Thankfully, Ayrshire entrepreneur Sir Tom Hunter was on hand this week with a much more open-minded approach to the constitutional debate. And, in an inspirational address, he hammered home the importance of those in business spreading the opportunities created by their success as widely as possible to help eradicate poverty in Scotland, whatever the constitutional set-up.
In his speech at our inaugural Inspiring City Awards in Glasgow, Sir Tom Hunter criticised politicians over the kids' "playground fight" nature of the debate over independence.
The entrepreneur, who has never indicated how he would be likely to vote in next year's independence referendum, emphasised the importance of the population understanding what going it alone, or indeed an outcome of staying in the UK, would mean for them.
"False promises don't fit, nor do the politics of fear," he declared.
Speeches in Glasgow last week by Nosheena Mobarik, outgoing chairwoman of the Confederation of British Industry in Scotland, and CBI national president Sir Michael Rake focused on the questions which the employers' organisation wants answered by the Scottish Government ahead of the referendum. They reeled off a long list of question topics, including currency and financial oversight, European Union membership, and the cost of statehood.
However, while thankfully acknowledging it was up to the electorate whether or not Scotland should become independent, the CBI very much gave the impression that it had made up its mind that potential problems it had identified with independence were insurmountable regardless of the answers.
Warnings about the potential dangers of independence were very much the theme of last week's CBI Scotland annual dinner. And there was no danger of Deputy Prime Minister Nick Clegg deviating from the script as he delivered a familiar speech which warned of the perils of independence, and at the same time attempted to claim that the Coalition's economic medicine was working in spite of the UK's excruciatingly slow recovery.
Mr Clegg's speech was very much in keeping with Sir Tom's depiction of the arguments so far as a playground fight.
The Better Together campaign has tended to raise the spectre of the bogeyman. It resembles, in some ways, the efforts in Greece to prevent the population voting against continuing austerity in favour of a go-it-alone approach, dwelling on fear of the unknown rather than what might be done to improve things within the current set-up.
Both Sir Tom and the CBI called for answers to inform the constitutional debate, but their tones contrasted starkly. Notably, Sir Tom called for answers from politicians on both sides of the debate. But Ms Mobarik was at pains to highlight the fact that the CBI had asked the Scottish Government more than 200 questions.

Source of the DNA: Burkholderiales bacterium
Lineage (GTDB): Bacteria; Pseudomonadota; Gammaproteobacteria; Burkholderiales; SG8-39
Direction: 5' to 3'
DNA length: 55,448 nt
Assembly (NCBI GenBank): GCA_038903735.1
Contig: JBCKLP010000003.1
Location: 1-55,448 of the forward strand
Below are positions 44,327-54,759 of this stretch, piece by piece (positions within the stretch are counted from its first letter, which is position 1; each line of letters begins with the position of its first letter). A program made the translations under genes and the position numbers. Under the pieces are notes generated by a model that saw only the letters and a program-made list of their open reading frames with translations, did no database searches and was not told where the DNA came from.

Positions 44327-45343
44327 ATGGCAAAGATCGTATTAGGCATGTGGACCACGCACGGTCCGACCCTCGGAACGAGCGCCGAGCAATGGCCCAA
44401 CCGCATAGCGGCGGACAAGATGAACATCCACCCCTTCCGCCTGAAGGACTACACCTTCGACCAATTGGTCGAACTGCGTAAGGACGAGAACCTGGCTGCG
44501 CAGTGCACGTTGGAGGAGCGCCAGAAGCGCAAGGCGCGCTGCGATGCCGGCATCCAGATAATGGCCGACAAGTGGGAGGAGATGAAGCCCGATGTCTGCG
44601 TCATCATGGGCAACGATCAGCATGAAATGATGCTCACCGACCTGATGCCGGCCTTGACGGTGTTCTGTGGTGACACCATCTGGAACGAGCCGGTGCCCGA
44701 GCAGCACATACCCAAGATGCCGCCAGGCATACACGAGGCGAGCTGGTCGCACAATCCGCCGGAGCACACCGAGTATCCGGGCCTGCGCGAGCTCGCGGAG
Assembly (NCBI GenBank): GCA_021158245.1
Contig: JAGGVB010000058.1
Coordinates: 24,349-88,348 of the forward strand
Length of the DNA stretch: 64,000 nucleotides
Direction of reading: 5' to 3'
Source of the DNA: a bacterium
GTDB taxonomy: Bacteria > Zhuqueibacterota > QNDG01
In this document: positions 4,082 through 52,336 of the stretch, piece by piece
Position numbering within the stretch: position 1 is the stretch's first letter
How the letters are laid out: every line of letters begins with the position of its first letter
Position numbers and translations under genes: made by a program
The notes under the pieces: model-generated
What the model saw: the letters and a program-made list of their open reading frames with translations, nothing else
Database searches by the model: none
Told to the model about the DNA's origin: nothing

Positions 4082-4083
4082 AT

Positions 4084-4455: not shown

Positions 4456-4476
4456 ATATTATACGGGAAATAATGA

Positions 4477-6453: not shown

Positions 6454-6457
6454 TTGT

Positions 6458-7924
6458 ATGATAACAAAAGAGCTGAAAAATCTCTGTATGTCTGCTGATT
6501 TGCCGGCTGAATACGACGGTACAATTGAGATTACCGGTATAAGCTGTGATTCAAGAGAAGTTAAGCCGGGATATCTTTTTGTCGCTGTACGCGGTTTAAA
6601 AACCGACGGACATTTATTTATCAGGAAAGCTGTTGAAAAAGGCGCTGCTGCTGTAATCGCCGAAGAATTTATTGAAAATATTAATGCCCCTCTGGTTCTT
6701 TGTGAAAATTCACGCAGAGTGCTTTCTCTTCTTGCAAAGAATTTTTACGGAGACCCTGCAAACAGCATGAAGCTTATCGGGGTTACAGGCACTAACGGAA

Sir Michael said of the questions for the Scottish Government: "These need to be clearly answered so the Scottish electorate can make their decision with full knowledge of the potential business and economic implications of independence."
It is worth observing that this statement came hard on the heels of his declaration that "the CBI is not convinced of the economic case for independence".
The CBI is correct in its assertion that there are questions which must be answered. But the electorate could do with some answers from the Better Together campaign as well, in terms of what the future holds for the Scottish people within the Union.
It is also important to note that, while business should have a voice in the independence debate, there are arguably more important issues around the type of society to which the people of Scotland aspire. The Better Together campaign must heed these aspirations, and, from its standpoint, aim to persuade the Scottish people these can be achieved within the UK.
Sir Tom is to be congratulated for highlighting the need to broaden out the debate on Scotland's future and to consider how, once and for all, the blight of poverty can be eradicated.
The CBI focused last week on what the constitutional environment could do, or not do, for business. This is understandable, given the business organisation's remit of looking after the interests of its members.
In the past, the CBI has often focused on what the education system can do for business. While the education system should consider the types of jobs which the children of today will be doing in the future, it has much broader objectives. Not too many teachers would presume to tell businesspeople how to run their companies. Likewise, businesspeople must remember that teaching is not their profession.
In some respects, the CBI tends to come from the perspective of what society can do for business.
Sir Tom is coming from the perspective of what business can do for society. This is the right approach.